Bedroom artists, producers and production heads always have a folder on a drive somewhere filled with things that are undeniably something, but never turned into something else. Maybe they didn’t fit with the current project, didn’t fit a mindset or were just too damned elusive to make sense even to their creator. But they were too precious to throw away. Melbourne producer Mark Barrage is no exception.
Surplus Behaviour is such a collection of offcuts, textures and fully formed features that didn’t make it onto any of Barrage’s other releases. United by a lack of vocals, or at least intelligible vocals not used a background textures, they highlight the underlying creepiness found in the rest of Barrage’s work, which on albums like Hero Or Dirt? (2005) and Delays (2008) are offset by his permanently insecure and heartbroken, but very relatable, persona. With the romance and navel gazing gone, you hear the bleakness in the music, and it’s alienating, cold and compelling.
Surplus Behaviour is the logical progression from 2010’s Rubicon Drive EP, in which Mark started removing his humanity by judicious use of vocoder. Surplus Behaviour is now the sound of machines designed to automatically produce ghost beats. Distorted organs add warmth to the glitch, and emulated analogue washes try to numb the pain of the pounding, distorted irregular beats. The synths are still adding leads and counterpoints, but with no human hand left to guide them, they’re running on their own logic.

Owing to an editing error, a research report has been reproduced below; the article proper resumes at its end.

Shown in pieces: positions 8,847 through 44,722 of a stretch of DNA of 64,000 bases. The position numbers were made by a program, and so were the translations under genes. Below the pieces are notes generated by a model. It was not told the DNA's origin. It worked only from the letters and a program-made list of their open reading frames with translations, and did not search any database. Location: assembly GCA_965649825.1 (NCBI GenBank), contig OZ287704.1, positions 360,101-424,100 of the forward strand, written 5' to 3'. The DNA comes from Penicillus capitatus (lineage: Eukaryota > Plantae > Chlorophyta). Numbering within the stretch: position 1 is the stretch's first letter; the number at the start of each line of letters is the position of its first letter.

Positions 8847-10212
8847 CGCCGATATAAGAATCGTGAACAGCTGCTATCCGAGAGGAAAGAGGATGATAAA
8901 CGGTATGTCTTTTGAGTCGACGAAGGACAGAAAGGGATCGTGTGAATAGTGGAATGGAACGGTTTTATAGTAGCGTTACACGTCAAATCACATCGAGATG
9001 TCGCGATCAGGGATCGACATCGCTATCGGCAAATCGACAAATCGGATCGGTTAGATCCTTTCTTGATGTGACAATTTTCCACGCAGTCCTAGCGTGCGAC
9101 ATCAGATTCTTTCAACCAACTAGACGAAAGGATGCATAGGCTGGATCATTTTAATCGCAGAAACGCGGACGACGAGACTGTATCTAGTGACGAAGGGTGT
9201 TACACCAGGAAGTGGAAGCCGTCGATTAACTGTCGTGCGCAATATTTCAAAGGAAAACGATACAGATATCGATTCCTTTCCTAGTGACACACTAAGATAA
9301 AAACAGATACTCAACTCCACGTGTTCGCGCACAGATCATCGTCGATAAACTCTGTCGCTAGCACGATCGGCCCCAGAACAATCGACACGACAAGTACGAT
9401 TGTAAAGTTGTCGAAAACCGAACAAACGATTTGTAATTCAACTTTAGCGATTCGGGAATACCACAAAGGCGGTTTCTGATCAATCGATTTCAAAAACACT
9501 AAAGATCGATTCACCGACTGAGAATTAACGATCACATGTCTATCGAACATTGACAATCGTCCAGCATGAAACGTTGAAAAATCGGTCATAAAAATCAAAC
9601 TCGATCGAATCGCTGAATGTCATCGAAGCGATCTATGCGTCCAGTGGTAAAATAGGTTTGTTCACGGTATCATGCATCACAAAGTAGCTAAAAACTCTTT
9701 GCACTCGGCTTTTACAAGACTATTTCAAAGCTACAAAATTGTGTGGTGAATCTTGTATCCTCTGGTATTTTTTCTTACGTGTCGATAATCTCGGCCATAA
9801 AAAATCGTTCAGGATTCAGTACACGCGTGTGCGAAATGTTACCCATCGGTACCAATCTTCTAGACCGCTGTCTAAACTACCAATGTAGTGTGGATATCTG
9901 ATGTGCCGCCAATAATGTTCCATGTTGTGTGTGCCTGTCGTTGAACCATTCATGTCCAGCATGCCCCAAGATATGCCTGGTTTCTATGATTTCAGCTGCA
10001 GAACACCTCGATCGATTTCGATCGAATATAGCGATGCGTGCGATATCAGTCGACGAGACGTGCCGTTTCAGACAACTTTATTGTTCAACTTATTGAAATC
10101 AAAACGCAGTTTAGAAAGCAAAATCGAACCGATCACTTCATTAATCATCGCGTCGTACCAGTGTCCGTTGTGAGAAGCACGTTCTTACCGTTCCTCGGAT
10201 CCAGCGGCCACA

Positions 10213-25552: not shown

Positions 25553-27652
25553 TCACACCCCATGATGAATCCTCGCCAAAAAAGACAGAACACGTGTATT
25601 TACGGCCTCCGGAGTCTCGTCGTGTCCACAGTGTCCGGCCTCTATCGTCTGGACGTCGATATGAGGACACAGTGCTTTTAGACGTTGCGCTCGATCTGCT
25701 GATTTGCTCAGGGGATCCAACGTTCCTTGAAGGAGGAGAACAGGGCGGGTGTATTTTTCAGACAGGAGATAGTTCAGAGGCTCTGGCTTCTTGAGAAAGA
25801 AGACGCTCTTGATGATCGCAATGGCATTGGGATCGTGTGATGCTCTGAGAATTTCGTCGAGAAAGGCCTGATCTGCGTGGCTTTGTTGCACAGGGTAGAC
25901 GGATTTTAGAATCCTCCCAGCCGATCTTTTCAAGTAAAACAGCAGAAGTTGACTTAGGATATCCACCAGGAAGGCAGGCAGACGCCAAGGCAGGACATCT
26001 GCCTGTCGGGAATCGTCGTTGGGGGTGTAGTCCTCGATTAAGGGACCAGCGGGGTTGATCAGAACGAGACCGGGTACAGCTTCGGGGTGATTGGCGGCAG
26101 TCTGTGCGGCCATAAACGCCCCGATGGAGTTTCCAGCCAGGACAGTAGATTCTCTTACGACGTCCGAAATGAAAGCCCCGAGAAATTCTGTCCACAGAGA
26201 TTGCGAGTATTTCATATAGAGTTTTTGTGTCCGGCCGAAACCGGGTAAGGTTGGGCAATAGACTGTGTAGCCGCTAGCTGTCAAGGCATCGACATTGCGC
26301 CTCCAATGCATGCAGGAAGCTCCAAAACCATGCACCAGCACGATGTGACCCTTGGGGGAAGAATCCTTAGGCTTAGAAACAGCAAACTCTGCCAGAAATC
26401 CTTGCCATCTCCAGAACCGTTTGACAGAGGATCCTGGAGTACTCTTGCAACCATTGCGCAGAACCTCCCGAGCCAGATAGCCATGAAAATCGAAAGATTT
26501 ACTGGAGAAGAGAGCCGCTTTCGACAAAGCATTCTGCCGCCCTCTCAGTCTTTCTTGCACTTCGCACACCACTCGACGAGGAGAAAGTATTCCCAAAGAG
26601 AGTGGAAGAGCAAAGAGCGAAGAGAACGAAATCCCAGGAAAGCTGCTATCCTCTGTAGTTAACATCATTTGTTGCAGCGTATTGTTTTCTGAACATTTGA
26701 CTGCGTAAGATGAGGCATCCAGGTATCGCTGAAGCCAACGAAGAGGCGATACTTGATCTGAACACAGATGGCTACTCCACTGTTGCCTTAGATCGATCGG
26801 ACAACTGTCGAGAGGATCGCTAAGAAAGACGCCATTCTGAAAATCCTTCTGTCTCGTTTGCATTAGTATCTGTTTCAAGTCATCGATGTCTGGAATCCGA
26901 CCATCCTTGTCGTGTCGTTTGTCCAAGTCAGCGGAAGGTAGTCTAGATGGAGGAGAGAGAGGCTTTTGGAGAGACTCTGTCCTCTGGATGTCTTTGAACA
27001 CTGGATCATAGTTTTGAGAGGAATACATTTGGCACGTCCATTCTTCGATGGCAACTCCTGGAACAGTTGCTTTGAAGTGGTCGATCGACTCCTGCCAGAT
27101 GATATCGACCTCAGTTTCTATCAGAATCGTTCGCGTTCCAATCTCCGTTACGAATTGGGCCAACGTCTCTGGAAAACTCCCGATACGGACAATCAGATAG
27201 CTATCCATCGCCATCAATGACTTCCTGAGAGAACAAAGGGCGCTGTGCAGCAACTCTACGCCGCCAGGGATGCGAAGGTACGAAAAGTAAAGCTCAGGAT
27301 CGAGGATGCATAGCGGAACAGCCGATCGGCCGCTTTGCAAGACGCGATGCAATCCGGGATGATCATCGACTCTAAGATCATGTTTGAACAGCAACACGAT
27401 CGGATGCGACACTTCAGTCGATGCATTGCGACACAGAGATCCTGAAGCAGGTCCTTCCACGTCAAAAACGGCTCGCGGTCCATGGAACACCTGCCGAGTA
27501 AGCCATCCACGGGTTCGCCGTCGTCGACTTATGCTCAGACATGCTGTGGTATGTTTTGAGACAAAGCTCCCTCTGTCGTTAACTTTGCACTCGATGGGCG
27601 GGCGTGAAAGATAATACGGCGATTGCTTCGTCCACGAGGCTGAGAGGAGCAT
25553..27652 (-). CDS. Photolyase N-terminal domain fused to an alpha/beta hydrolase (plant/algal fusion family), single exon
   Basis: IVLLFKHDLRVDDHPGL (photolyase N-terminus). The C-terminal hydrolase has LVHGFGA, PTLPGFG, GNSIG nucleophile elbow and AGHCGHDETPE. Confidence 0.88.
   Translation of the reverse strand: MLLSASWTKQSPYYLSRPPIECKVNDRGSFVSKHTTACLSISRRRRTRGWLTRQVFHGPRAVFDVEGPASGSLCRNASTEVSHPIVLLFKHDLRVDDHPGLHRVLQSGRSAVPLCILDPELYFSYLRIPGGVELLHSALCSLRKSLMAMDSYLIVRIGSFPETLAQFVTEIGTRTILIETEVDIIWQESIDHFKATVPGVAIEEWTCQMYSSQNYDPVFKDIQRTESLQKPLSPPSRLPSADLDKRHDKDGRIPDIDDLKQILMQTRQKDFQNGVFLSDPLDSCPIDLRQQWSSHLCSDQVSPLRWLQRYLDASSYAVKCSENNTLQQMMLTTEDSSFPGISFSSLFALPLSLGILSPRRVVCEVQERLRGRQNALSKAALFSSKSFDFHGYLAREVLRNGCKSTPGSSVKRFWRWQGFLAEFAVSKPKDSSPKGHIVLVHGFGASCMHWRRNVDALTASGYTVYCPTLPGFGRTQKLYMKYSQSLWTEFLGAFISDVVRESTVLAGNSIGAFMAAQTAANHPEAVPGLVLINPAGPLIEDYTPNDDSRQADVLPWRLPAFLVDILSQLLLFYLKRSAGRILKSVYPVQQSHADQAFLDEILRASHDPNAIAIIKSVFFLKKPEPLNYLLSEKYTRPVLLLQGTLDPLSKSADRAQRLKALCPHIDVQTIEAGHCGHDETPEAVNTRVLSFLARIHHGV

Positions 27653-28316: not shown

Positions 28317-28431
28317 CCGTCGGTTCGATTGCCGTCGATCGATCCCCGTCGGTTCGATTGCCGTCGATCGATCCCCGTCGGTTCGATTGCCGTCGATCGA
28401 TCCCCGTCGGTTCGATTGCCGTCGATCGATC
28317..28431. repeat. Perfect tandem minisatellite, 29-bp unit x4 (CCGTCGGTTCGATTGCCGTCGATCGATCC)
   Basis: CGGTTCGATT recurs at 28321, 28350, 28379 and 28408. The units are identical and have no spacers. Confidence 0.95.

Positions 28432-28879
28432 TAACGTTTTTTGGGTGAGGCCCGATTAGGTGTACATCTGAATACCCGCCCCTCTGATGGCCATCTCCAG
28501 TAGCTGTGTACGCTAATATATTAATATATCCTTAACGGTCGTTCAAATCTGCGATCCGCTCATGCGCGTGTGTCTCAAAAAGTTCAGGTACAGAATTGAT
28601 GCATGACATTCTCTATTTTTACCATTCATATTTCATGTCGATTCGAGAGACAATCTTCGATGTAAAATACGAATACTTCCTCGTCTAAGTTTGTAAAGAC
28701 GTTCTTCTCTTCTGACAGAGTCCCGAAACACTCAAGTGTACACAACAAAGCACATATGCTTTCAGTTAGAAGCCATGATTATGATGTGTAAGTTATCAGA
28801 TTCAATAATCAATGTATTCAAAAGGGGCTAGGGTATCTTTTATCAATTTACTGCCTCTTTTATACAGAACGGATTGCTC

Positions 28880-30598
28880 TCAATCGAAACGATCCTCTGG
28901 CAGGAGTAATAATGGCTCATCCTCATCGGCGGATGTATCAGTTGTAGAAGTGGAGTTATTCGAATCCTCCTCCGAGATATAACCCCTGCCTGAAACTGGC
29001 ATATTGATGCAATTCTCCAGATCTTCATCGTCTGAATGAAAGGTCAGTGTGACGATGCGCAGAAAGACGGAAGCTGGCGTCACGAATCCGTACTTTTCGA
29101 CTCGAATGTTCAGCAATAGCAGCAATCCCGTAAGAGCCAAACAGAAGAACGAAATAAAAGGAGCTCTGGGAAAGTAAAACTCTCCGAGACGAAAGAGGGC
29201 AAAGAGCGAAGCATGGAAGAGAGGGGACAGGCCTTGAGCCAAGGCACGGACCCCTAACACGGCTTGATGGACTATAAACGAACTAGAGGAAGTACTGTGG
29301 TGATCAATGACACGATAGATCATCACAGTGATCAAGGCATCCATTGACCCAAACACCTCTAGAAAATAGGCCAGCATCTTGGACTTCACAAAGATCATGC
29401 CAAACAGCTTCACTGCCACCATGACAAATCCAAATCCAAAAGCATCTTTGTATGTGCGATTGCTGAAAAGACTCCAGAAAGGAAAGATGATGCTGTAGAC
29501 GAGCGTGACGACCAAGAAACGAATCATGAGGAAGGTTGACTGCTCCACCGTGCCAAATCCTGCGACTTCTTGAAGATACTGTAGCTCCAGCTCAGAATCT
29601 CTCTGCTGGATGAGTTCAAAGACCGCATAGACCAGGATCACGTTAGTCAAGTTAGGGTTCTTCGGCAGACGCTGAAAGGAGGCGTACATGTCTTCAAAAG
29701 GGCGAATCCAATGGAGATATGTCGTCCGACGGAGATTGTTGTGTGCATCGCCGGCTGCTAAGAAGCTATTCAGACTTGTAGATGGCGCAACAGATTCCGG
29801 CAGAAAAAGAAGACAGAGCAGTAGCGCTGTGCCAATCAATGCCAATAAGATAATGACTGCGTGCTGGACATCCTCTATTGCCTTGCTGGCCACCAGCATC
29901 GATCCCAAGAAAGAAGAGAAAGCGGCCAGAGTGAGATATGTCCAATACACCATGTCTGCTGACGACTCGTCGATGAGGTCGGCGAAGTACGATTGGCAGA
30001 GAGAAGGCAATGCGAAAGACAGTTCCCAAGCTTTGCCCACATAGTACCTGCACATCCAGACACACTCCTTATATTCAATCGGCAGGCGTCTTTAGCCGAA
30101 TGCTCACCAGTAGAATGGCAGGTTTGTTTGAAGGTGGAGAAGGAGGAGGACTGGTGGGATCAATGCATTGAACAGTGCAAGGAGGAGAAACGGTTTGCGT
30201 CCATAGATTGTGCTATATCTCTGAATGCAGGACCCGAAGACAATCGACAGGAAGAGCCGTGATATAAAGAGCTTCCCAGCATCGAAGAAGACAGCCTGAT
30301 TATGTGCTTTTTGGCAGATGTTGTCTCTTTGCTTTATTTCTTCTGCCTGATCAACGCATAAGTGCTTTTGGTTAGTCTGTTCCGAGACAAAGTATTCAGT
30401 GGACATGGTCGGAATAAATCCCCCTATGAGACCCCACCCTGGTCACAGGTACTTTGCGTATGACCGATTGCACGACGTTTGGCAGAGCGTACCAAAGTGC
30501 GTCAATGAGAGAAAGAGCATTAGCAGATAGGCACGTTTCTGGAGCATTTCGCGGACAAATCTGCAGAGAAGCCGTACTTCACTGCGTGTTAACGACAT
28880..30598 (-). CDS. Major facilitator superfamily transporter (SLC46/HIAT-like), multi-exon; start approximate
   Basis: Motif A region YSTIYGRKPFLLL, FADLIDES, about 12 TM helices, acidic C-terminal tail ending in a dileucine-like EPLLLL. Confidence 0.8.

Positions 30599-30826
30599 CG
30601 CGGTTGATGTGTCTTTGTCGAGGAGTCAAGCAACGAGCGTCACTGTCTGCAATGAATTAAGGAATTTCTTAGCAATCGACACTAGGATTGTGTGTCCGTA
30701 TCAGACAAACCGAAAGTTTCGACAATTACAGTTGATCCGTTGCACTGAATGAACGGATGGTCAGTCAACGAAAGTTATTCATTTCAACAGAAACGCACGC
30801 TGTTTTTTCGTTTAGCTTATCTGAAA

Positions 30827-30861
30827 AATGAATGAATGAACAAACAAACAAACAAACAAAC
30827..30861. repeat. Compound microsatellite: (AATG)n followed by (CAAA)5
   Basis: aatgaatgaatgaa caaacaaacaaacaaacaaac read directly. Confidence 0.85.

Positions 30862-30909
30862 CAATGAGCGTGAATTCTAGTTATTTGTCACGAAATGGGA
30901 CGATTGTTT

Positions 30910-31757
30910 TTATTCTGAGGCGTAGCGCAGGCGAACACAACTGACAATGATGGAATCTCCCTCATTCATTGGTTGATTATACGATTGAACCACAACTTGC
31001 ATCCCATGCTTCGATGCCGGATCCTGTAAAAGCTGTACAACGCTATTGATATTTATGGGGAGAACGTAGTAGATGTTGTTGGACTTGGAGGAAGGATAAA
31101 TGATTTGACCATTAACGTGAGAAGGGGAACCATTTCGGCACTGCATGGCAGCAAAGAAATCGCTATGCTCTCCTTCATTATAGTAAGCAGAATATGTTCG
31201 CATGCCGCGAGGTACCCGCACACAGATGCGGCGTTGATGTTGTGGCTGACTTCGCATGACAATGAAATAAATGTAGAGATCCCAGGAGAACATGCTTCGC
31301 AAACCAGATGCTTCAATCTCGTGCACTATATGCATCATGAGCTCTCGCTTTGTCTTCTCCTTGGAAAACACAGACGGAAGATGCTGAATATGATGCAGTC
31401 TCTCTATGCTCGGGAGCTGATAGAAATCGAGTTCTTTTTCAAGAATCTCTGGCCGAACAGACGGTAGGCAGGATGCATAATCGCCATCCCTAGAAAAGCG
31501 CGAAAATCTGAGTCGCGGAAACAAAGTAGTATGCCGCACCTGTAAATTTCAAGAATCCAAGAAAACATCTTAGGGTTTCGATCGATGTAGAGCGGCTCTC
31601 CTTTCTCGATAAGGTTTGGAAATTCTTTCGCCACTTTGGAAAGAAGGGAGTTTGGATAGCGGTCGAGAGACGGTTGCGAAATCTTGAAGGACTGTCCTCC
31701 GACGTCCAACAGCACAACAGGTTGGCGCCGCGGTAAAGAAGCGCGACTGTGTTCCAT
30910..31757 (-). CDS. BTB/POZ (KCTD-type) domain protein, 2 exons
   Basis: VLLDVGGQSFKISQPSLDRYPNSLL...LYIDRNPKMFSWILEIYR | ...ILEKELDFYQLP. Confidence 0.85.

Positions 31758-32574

In the aftermath of some terrible epidemic or purge, the machines continue to make haunted soundscapes, but there’s no voices left to provide counterpoint to their atmospheric bleakness. This is the soundtrack to millions of CCTV cameras that continue to monitor public spaces, but without the complicated and messy emotions of people contaminating the shots.
– Jason Allen